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Beef stock has a huge variety of uses, and is especially good for pan sauces.
- 2.5kg beef bones
- 560g onion (4 or 2 large)
- 270g carrot (4)
- 25g garlic (½ bulb)
- 2 bay leaves
- 1 small bunch of parsley
- 2 sprig of thyme
- 2 tablespoons of olive oil
- 6 litres of cold water
Preparation Time: 5 minutes (+ 1 hour roasting)
Cooking Time: 6 hour
Serves: convo("2 litres"); ?> of stock
- Heat the oven to 200°c.
- Peel the carrots, cut them in half lengthways and widthways; cut the onions in half, leaving the skin on; cut the garlic in half.
- Put the beef bones in a roasting tin, put the onion, carrot and garlic into another roasting tin, coat them with the oil, season with salt & pepper and roast them both in the oven for 1 hour.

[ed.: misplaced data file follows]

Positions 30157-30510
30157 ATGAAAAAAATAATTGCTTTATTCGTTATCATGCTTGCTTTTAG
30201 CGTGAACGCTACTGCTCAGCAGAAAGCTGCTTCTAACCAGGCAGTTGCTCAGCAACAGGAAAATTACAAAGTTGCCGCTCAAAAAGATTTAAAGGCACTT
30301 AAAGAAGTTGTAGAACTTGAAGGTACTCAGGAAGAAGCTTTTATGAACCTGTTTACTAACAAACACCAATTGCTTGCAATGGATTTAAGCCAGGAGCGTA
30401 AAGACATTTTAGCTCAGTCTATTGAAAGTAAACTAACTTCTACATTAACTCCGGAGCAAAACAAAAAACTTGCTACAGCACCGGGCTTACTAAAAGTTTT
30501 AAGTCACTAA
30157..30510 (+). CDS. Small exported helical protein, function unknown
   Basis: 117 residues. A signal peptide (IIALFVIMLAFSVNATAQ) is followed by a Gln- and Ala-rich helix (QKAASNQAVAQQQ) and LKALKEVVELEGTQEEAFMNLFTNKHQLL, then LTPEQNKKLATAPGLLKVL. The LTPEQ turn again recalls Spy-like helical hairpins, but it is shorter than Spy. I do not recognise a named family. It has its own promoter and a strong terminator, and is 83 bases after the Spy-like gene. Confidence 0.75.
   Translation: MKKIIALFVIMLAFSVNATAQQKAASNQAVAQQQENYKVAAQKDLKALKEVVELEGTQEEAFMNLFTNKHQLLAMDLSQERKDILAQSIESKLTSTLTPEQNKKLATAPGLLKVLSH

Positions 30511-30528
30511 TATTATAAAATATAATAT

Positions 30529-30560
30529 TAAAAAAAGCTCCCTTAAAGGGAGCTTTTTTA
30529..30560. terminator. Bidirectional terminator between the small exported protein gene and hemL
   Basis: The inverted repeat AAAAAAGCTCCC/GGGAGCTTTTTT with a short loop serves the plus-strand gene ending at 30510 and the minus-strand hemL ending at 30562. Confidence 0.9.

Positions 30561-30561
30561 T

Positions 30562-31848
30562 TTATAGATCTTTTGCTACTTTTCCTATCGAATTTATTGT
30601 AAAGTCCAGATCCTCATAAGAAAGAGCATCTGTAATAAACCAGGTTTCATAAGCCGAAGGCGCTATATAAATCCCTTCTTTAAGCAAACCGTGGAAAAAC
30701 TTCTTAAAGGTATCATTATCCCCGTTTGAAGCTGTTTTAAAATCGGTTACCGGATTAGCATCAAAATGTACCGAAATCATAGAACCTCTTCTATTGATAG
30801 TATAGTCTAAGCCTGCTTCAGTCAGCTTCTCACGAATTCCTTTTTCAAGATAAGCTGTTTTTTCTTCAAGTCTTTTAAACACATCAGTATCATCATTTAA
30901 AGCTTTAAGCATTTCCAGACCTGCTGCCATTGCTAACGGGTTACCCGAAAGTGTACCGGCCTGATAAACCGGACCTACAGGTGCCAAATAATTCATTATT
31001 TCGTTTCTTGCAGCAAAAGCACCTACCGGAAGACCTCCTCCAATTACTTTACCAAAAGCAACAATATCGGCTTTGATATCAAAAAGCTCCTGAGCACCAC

- Place the roasted vegetables and the herbs into the bottom of a large pot and then put the bones in on top of them.
- Add the water to the pot and bring it to the boil.
- When it starts to boil, turn it down to a low heat and remove the foamy fat that floats to the surface with a ladle.
- Simmer gently for 6 hours, periodically skimming off any fat that floats to the surface.
- Using a fine sieve, strain the liquid into another pot, discarding all the bones, vegetables and herbs.
- Return the pot to a medium heat and simmer until the volume is reduced by half, skimming off all scum that floats to the surface.
- Allow the stock to cool naturally and use as required.
- To obtain enough beef bones, either save up rib or oxtail bones from other meals by freezing them, or ask your butcher for them (preferably veal knuckles).
- The reason for skimming the fat off the surface of the liquid is to help prevent the stock going cloudy.
- Putting the bones in last helps prevent the vegetables from floating to the surface, making it easier to skim off the fat.
- When simmering the stock, make sure the heat is very low, there should be hardly any bubbles breaking the surface. Boiling the stock will result in it becoming bitter and cloudy.